Howard M. Smith, the Montgomery County clerk of Circuit Court, said he was already at work one morning recently when his two opponents in the Sept. 14 Democratic primary--Fred M. Rusillo and Ruth Vurek--appeared at a candidates' forum and charged that he lacks the administrative abilities to run the office efficiently.

It was the latest in a long series of political events Smith has shunned.

"I think my first priority ought to be to do the job I'm paid to do," said Smith, 57, of Dickerson, who has served as clerk for four terms. "I'm campaigning just like the other candidates. I just believe in putting my efforts where they're going to bring the greatest return."

Smith, who so far has not appeared at a political event at the same time as his two challengers, said he has spent his time knocking on doors to solicit votes and sending out 40,000 campaign flyers.

Vurek and Rusillo contend that Smith is afraid to appear with them and reply publicly to their criticisms.

Rusillo, 30, of Gaithersburg, resigned his post as director of the child support enforcement program in the clerk's office to challenge Smith. Vurek, 49, of Bethesda, sells real estate.

"Howard Smith took over the court when it was a 'Mom and Pop' grocery store," Rusillo frequently tells his campaign audience. "Now it's a supermarket with all kinds of intricate and automated services. What the court needs now is someone trained in the law and in court administration. I'm the only candidate with those qualifications."

Rusillo has proposed a 12-point plan that he says will "bring our court up to national standards."

Among other things, Rusillo said, his plan would create the court's first manual for standards and procedures and revamp the court's personnel system, under which, he said, the current employes are among the lowest-paid government workers in the area.

But Smith, who is both the court administrator and clerk of court, said there are many facets of the clerk's office that Rusillo does not understand.

"Mr. Rusillo did some good work for us," Smith said, "but he is not an administrator."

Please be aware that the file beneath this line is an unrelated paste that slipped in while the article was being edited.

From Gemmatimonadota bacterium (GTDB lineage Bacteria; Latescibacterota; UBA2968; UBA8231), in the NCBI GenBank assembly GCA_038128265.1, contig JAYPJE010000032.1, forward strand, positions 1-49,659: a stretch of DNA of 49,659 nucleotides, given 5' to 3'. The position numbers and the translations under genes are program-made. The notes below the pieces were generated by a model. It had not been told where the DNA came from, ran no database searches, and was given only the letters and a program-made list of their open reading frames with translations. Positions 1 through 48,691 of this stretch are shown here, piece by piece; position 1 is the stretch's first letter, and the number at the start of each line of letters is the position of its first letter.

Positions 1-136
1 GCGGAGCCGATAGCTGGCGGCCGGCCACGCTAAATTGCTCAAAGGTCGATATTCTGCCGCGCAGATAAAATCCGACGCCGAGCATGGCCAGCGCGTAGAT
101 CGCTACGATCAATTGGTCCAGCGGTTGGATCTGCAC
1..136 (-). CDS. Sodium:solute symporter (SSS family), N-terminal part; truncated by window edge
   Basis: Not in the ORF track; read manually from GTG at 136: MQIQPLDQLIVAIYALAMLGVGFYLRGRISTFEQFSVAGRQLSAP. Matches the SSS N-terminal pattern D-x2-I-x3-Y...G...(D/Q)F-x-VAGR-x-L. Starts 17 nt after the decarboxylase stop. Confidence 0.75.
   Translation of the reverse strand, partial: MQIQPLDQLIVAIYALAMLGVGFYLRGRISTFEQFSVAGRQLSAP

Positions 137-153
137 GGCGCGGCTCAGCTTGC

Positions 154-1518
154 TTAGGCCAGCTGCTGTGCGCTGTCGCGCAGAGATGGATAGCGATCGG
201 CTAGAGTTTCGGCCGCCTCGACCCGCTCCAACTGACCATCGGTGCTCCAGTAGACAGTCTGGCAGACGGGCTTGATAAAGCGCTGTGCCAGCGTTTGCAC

For the past several weeks, Vurek has been locked in a battle with Smith in an effort to obtain copies of two financial audits of the clerk's office.

"I am being stonewalled by Howard Smith," Vurek told members of the Bethesda-Chevy Chase Democratic Breakfast Club recently. "Mr. Smith is a public official who has decided that his files are not to be opened to public scrutiny."

Vurek said audits she obtained through the Maryland General Assembly show that Smith uses "sloppy practices and procedures" in his handling of millions of dollars of taxpayers' money.

If she is elected, Vurek said, she plans "to order a complete audit of the office and make the audit available to the public."

Smith said that he doesn't object to Vurek seeing the documents she has requested, but that he has decided to submit each request to Maryland Attorney General Stephen H. Sachs for a ruling to ensure that there are no violations of privacy laws.

If he is reelected, Smith said, he plans to address some of the problems about which his opponents have complained.

He said he will seek improvements in the court's computer system and personnel salary structure, and changes in policies that govern indexing, audits, microfilming and job classifications.

"I work on this job six or seven days a week, 12 to 16 hours a day," Smith said. "It's only natural that the person with the job has to make some judgment calls every day. And it's easy for a Monday-morning quarterback to come later and say that those judgments were wrong."